raids, unlimited strong cells, which
could readily be turned into work
shops, a pretty regular succession of
skilled coiners, whose assistance cuuld
be bought for leniency and a Utile
money to start them on their release
from prison, and whose secrecy could
be absolutely relied upon."
"Looked at like that, it appears pos
sible; but it is rather risky to base
cemclusions upon mere possibilities,"
the secretary replied, with quiet cyni
cism. "I aon't at least, not entirely. War
der Williams attempted to discover
whether I had done any coining. He
was remarkably genial until he learned
that I had not, when he became surly
f.lmost to brutality. He was remark
r.bly genial to Seventy-eight and Twenty-four,
who were the only men in
Shashnal who had any coining. These
two men were never in the labor yard.
Why? They always looked pictures of
health. Time after time I saw them
center or leave the entrance of the base
ment cells, at the side of the governor's
house, which were condemned three
years ago as unhealthy."
"Ah! we have something tangible
in the use of the condemned basement
cells," the secretary said thoughtfully.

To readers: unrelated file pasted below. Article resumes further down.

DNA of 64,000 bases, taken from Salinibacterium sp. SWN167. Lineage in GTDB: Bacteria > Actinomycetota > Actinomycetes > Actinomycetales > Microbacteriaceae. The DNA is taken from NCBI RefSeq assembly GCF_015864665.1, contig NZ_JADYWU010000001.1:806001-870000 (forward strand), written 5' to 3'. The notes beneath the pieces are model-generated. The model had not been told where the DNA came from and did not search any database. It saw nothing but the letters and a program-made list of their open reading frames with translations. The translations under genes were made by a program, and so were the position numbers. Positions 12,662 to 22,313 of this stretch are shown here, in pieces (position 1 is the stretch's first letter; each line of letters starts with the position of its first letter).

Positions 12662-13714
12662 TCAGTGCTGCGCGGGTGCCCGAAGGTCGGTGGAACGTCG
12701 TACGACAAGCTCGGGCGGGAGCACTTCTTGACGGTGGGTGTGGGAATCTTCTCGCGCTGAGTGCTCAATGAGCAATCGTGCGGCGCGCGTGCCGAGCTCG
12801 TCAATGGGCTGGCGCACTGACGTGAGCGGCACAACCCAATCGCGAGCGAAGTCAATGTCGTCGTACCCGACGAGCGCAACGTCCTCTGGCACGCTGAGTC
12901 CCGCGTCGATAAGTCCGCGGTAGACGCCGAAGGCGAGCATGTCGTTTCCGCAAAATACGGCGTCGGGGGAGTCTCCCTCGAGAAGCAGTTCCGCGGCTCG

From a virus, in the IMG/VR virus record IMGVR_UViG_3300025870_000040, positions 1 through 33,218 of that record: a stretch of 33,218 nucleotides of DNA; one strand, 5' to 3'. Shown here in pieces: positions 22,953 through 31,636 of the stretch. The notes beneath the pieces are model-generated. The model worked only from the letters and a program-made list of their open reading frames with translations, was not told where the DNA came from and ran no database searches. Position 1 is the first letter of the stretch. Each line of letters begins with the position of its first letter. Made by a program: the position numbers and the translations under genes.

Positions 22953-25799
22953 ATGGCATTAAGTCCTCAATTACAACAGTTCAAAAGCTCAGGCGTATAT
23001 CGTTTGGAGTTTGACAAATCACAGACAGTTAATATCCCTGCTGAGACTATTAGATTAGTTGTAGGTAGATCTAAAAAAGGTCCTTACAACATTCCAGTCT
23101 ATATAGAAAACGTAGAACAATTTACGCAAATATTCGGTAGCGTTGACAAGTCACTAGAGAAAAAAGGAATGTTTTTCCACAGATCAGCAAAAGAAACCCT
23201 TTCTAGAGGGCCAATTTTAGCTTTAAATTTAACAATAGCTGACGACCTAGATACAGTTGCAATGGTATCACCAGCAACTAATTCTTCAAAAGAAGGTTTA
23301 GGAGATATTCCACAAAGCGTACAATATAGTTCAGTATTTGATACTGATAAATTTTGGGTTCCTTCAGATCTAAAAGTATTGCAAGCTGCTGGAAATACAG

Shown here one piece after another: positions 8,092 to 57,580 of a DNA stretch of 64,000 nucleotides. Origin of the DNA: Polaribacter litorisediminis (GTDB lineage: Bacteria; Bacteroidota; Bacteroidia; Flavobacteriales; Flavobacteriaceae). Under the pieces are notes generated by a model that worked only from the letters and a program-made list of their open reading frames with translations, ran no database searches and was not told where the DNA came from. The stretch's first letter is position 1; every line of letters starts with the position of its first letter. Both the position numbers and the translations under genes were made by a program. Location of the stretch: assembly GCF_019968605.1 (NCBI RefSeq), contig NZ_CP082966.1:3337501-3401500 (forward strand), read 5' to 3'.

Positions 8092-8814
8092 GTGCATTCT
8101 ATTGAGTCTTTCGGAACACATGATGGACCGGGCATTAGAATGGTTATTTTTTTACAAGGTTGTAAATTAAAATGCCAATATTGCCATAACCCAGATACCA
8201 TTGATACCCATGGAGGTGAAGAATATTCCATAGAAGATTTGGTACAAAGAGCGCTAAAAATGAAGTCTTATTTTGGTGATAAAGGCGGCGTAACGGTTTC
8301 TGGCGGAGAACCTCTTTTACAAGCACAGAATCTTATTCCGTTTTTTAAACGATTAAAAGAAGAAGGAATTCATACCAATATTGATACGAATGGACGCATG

"That matter shall be inquired into at
once. The best thing you can do is
to send in your report, Captain Rich
mond, and then we can duly consider
He rose, blandily, and held out his
Next day Captain Richmond received
a check for his services. He tore it up
In disgust, and then wished he had not.
He was still debating in his mind
whether he could ask for another check
when he received an official document
appointing him a queen's messenger.
For a time he wa3 puzzled to know
why he had been appointed. But he
was not kept long in the dark, for he
was called to the home .office, where
the secretary graciously apologized for
having scouted the coining theory.
Two prison commissioners had visited
Shashnal to inquire why the basement
cells were being used. It was denied
lhat such was the case. The commis
sioners demanded to look over the
basement. No one knew where the
lays were. Other obstacles were put
in the commissioners' path, but every
thing was overruled and the basement
opened by force.
"Discoveii'.s were made which left
ro doubt that your condudon was only
twj twcurately drawn," sail the P"cre
taty, hovering between confidence and
Jdiit'nee. "The pov.'ruor redjrtied be.
lore tlj-j (ommlHslonerfi )eU, and tho
deputy roverror wxs appointed n a
Hop-gap. xh? same cvir.ing a raid
va made vpon a pa v. .itroi.ei ' flop
in Mil? Ei'd, hc.u ny Warder William'
liothcr, and lx't ween 400 and
of baa coin wn found there. Strange
to fay, the police have been Interewted
In that shop for home time, owing to
the frequent complaint of sailors, who
iaigely frequent it, that bud money
had there been foisted upon them. Tho
business was un excellent medium for